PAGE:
The Building and Construction Industry Security of Payment Act 1999 (NSW) (the Act) was once again before the High Court of Australia. This time the Court was asked to determine whether a non-jurisdictional error should allow a determination to be quashed.
Probuild and Shade System were parties to a construction contract. Shade System served a payment claim on Probuild in the amount of $324,334.26 for the installation of louvres on an apartment building. Probuild responded to with a payment schedule noting the amount to be paid was $0.00, the basis of which being they claimed Shade System owed it liquidated damages in the amount of $1,089,900.00 which it sought to offset against that invoice.
Shade System applied for adjudication of the payment claim and was ultimately awarded $277,755.03.
Probuild’s offsetting claim was rejected in its entirety as the adjudicator found the contract had not been completed or terminated and as such liquidated damages had not crystallised.
Probuild sought a judicial review in the Supreme Court seeking an order to quash the determination. The primary judge held the adjudicator had made errors of law that appeared on the face of the record and allowed Probuild’s application to have the determination quashed – that meant Shade Systems could not enforce the adjudicator’s determination.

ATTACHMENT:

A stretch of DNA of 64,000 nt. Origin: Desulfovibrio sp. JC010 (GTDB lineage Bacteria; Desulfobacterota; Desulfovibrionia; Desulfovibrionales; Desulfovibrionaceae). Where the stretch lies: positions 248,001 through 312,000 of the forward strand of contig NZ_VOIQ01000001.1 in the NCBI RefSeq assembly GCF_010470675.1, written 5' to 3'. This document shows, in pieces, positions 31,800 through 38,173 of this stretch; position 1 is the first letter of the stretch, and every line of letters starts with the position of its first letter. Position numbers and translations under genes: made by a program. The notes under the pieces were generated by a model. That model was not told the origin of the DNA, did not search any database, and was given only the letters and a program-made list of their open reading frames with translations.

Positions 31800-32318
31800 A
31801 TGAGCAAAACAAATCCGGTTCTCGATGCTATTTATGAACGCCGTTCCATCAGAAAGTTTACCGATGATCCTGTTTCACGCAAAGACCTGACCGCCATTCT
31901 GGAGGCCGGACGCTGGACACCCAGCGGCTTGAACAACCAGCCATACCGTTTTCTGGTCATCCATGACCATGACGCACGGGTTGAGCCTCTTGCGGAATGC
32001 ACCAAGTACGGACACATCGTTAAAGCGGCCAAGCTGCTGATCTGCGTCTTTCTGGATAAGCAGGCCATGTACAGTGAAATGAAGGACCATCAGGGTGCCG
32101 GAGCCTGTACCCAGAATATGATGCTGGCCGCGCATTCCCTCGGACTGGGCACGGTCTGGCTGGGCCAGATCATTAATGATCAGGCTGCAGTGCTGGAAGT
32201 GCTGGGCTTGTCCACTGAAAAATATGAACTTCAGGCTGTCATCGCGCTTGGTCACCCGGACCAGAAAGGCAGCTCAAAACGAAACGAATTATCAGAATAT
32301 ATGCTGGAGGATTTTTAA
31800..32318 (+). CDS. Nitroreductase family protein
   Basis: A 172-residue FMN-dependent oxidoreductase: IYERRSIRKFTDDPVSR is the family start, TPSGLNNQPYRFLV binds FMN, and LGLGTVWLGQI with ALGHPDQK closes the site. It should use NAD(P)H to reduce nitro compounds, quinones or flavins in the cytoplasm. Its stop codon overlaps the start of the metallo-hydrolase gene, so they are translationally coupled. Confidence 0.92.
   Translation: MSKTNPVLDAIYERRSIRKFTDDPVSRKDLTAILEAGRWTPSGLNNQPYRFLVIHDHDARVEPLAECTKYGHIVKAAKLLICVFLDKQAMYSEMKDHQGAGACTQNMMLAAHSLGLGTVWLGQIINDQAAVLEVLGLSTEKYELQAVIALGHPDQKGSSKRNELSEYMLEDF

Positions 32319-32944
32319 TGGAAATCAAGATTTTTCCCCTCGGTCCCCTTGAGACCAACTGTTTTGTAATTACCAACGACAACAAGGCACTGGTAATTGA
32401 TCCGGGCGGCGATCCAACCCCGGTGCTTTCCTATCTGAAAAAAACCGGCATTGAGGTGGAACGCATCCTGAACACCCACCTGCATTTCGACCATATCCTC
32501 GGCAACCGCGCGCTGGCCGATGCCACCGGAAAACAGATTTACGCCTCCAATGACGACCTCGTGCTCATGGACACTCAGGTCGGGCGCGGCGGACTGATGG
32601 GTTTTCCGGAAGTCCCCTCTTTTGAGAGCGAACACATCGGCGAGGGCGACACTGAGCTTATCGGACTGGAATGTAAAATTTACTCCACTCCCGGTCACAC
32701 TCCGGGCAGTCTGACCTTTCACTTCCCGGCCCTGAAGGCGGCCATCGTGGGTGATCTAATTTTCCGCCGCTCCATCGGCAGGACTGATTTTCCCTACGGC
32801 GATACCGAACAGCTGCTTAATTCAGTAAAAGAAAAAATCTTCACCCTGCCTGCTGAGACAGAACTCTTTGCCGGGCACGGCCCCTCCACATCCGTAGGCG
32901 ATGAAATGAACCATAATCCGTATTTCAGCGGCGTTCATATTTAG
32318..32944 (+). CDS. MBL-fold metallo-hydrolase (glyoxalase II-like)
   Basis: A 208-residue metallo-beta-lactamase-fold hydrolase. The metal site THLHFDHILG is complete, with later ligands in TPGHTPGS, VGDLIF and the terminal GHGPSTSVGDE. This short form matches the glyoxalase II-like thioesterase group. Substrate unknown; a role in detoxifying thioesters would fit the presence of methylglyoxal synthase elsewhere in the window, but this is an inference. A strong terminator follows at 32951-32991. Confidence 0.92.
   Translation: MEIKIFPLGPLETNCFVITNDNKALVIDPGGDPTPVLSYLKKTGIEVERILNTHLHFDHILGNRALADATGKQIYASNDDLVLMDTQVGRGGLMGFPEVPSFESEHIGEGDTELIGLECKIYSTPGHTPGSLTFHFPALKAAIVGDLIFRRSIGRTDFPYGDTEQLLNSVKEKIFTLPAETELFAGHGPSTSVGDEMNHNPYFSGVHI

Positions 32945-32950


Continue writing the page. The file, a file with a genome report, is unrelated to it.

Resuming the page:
In the NSW Court of Appeal, Shade System was successful in their argument that an adjudication can only be reviewed for a jurisdictional error, and that the Act excluded the Supreme Court’s authority to quash decisions for non-jurisdictional errors on the face of the record, which included the claim for liquidated damages.
Probuild appealed to the High Court.
High Court decision?
The High Court dismissed the appeal, the Supreme Court does not have authority to quash determinations for non-jurisdictional errors.
Where to from here for parties to adjudications.
Contractors, builders and any other party who is entitled to use the Act should consider the power the Act wields within the construction industry. The Act is designed to facilitate payment. The Act is not a final determination of all matters in respect of a contract or a dispute. Parties must ensure they are aware of their rights to claim, their responsibility to respond and how to do so most appropriately.
The quick paced nature of the Security of Payment Act means parties should be well advised on their potential to claim and liabilities.
Disclaimer: This publication by Morrissey Law & Advisory is for general information and commentary only and should not be considered or relied upon as legal advice. Formal legal advice should be sought in relation to any matters or transactions that may arise in relation with communication.